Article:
“adequate transport is so important to people on haemodialysis that it plays a vital role in the formation of patient views and attitudes towards dialysis. Good transport systems can improve patient attendance and shorter travel times can improve patient co-operation if the dialysis treatment frequency needs to be increased. Efficient transport facilities reduce interruption of patients’ social lives and may therefore improve quality of life”
Renal NSF Part 1
The audit benchmarks against the Renal Association’s clinical practice guidelines that recognise the importance of travel time for haemodialysis patients, and state:
“… except in remote geographical areas, the travel time to a haemodialysis facility should be less than 30 minutes or a haemodialysis facility should be located within 25 miles of the patient’s home. In inner city areas travel times over short distances may exceed 30 minutes at peak traffic flow periods during the day” …… “… haemodialysis patients who require transport should be collected from home within 30 minutes of the allotted time and be collected to return home within 30 minutes of finishing dialysis”
Renal Association Clinical Practice Guidelines on Haemodialysis 2009
The 2008 audit covered 242 separate dialysis units or satellite units leaving only 5 non-participating HD units in England, Wales and Northern Ireland – Aintree University Hospital, St George’s Hospital, Stratford-on-Avon, Whitnash - Leamington Spa and Yeovil that I hope will be joining in the exercise this October.
The 2008 data showed that overall, about 75% of people were picked up from their home within 30 minutes of the allocated time and for nearly 60% of patients the travel time to their dialysis unit is 30 minutes or less but some individuals are regularly travelling more than one hour to and from dialysis. Nearly 40% of people wait 30 minutes or more after finishing dialysis before they begin their return journey home. The patient stories speak much louder than these cold statistics and the variance across units identifies patient transport as an area where we can make real improvement.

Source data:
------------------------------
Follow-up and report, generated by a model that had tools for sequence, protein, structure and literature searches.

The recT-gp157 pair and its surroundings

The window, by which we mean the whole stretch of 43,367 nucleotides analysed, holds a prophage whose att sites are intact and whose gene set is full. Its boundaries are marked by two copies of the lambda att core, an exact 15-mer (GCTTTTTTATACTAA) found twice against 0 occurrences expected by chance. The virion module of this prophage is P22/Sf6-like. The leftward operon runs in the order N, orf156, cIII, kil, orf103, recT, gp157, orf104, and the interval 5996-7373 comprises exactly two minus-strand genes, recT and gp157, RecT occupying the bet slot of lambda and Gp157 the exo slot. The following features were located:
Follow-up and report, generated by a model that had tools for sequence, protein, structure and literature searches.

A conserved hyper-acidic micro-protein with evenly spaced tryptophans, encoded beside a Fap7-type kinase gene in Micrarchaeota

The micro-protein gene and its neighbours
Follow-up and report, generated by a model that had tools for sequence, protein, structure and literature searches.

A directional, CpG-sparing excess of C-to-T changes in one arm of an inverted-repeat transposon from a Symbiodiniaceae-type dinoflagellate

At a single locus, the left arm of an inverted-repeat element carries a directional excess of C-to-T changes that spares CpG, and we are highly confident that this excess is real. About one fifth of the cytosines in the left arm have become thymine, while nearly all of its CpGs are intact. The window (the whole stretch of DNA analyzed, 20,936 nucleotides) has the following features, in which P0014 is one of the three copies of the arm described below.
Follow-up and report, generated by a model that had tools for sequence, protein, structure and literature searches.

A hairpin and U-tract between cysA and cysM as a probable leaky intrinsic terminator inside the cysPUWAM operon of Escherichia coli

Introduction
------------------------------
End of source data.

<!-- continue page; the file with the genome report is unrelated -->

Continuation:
The 2008 audit made several recommendations including:
- Clear and transparent commissioning arrangements with lines of accountability and means of monitoring performance should be agreed by commissioners, hospital trusts, dialysis units and transport providers.
- Dialysis providers should be involved in the transport service which patients use. Eligibility criteria, standards of performance and quality of service should be explicitly agreed.
- Patients should be involved in the commissioning and monitoring or transport. The audit demonstrated that patients want to contribute. Using the transport service gives them a unique insight into the process and a clear interest in driving up quality.
- All dialysis units should carry out regular audit of patient transport including discovering the views of its patients.
We know that patients travel considerable mileage – it’s been estimated at close on 40 million miles per year on the road for all haemodialysis patients. Many people are not having dialysis at their closest unit – this may be for clinical reasons but in some instances, it will result from poor planning. Patient transport for dialysis still wastes the time of many individuals receiving this modality. Excess travel is poor for health, wastes NHS resources and damages the environment. We can do better.
I hope that participation in the 2010 audit can be a driver for change and improvements in patient transport services. For more information contact the NHS Information Centre audit team at email@example.com